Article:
Teaching meta-analysis using Stata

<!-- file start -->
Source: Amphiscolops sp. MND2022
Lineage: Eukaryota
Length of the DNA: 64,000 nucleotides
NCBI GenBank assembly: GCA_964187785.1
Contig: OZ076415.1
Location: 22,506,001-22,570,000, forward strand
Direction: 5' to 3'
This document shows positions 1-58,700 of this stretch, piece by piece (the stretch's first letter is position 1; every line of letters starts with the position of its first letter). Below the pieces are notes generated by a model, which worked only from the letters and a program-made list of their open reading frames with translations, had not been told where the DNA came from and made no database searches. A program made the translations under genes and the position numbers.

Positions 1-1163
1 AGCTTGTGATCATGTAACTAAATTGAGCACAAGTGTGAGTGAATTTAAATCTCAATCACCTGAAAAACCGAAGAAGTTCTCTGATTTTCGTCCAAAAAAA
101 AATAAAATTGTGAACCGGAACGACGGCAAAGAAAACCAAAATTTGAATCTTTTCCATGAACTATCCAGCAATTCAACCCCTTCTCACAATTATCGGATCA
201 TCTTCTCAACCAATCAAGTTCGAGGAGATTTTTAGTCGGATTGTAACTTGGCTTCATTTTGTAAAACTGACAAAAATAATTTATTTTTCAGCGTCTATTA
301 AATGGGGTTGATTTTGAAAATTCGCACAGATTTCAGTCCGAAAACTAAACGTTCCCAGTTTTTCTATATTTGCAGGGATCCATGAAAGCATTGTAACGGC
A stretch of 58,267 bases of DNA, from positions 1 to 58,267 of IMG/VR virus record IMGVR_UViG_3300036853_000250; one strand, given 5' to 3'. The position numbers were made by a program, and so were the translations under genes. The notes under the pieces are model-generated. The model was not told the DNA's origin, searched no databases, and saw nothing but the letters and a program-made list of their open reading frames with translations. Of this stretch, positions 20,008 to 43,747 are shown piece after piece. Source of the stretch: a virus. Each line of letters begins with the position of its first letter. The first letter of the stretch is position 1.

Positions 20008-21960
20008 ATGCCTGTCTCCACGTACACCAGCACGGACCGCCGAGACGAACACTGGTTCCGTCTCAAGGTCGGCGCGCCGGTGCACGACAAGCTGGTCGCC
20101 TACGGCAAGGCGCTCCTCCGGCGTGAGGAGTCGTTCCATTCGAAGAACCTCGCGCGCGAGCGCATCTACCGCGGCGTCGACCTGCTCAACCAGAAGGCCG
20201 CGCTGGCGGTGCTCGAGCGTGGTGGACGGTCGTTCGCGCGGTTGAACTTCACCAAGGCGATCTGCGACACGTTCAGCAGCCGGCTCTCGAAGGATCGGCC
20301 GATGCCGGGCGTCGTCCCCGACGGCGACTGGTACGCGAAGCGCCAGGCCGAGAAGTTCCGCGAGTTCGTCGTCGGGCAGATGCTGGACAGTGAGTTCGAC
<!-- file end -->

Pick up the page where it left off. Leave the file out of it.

Systematic reviews and meta-analyses contribute to the objectivity and transparency of literature reviews and play an increasingly important role in evidence-based medicine and public health. In addition to the expertise needed for critical reading of papers using these methodologies, researchers and professionals in areas related to clinical medicine and public health also need to have the appropriate skills to conduct systematic assessments of the published literature and quantitative synthesis of the results through meta-analysis. I describe the use of Stata in a short course aiming to introduce the essential aspects of the computation of summary estimates and the exploration of heterogeneity and publication bias in meta-analyses of observational studies. The course includes three practical exercises built over real data. It starts with a "pen and paper" exercise used to address the basic statistical methods of meta-analysis, and it ends with an introduction to meta-analysis in Stata, including the calculation of summary estimates (fixed- and random-effects models), the appraisal (visual inspection of funnel plots, I2 statistics, and hypothesis testing) and explanation of heterogeneity (subgroup analysis), and the assessment of bias (analysis of funnel plots). I will emphasize the strategies adopted to enable the achievement of the course objectives by participants unfamiliar with Stata.
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